In a tweet posted on Thursday, the Spanish-language Twitter account for Palestine, “Palestina Hoy,” announced that the Palestinian delegation in Mexico City will now be upgraded from a “Special Delegation” to a full embassy.
According to the statement, “This measure is undertaken in the spirit of cooperation and friendship between the two countries, which is evidenced in the continuous development of bilateral relations in the bilateral and multilateral sphere, since its establishment in 1975.”
The document continued, “The Ministry of Foreign Affairs and Expatriates expresses its firm conviction that this measure will significantly contribute to the continued development and strengthening of relations between the United Mexican States and the State of Palestine, on the basis of mutual respect and recognition and for the benefit of the two peoples, as well as contributing to international security and development.”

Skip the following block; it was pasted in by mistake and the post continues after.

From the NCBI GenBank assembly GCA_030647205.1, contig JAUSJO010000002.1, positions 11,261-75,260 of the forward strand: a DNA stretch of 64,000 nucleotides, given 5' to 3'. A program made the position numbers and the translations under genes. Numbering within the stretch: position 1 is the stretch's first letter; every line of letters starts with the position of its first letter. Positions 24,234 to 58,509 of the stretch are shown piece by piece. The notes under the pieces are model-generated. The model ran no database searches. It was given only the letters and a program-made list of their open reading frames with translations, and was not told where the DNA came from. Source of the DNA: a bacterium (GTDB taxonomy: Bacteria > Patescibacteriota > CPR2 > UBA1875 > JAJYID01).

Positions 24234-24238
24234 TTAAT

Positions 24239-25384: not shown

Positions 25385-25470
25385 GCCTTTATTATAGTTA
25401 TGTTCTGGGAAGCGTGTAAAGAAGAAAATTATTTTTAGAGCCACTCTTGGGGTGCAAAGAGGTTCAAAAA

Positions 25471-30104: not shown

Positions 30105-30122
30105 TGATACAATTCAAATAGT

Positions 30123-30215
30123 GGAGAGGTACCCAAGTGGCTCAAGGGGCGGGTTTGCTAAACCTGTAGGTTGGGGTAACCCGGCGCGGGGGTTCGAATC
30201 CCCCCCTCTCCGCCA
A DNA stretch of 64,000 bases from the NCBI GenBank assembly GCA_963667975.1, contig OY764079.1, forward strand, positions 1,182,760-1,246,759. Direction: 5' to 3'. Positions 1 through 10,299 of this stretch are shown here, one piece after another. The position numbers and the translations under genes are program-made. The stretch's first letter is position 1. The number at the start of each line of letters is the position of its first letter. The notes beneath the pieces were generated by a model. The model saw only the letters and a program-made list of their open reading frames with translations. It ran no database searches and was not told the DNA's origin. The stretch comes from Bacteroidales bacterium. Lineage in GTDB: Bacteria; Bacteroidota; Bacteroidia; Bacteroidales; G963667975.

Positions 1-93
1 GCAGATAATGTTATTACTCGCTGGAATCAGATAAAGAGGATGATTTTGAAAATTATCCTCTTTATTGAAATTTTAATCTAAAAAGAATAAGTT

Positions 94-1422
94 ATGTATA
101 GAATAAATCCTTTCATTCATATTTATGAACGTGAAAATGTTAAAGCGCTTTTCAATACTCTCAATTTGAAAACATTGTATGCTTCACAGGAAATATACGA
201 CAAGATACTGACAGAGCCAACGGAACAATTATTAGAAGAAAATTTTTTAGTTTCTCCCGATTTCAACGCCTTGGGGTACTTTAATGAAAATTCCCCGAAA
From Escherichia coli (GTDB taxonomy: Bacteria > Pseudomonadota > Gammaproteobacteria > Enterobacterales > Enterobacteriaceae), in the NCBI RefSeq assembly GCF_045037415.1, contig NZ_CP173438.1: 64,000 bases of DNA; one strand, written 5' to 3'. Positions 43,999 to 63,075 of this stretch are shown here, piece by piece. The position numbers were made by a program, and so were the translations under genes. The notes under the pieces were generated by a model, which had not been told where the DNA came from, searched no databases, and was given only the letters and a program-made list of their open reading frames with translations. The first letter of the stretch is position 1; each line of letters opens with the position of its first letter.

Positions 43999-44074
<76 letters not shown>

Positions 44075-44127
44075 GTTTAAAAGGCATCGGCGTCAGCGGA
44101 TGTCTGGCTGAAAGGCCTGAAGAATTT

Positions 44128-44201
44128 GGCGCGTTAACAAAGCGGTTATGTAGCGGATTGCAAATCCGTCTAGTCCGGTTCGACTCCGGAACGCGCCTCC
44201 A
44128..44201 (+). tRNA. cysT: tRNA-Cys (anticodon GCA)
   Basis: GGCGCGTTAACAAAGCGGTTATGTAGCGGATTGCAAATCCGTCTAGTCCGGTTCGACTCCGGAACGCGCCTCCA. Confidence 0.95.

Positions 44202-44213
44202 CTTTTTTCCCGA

A resolution was passed by the Mexican Senate last November, on the anniversary of the Palestinian declaration of independence on November 15, 1985, recognizing Palestine as an independent state.
The chairman of the Commission on Exterior Relations, Senator Héctor Vasconcelos, said at that time, “I express my desire to see a free, independent Palestine in full exercise of its rights, because the Palestinian-Israeli conflict affects how we conceive of the human rights of peoples, how we conceive of freedom and of being recognized as free persons and not subjects of other nations.”
Vasconcelos, who is a highly esteemed intellectual, brought to mind that if Palestinians can be rendered stateless and without any real human rights, that devalues the concept of human rights in its very essence. There is no doubt that it would no longer be universal, and it would be subject to a number of important exceptions which might render it meaningless. Thus, the Palestinian situation affects our very conception of what human rights are, which is why it is so important.
There are more than 80 embassies of Palestine throughout the world, including 12 in Latin America, including those in Argentina and Brazil, so Mexico is joining a consensus in this regard. In terms of global representation, Western Europe, which primarily has Palestinian missions rather than embassies, is an outlier.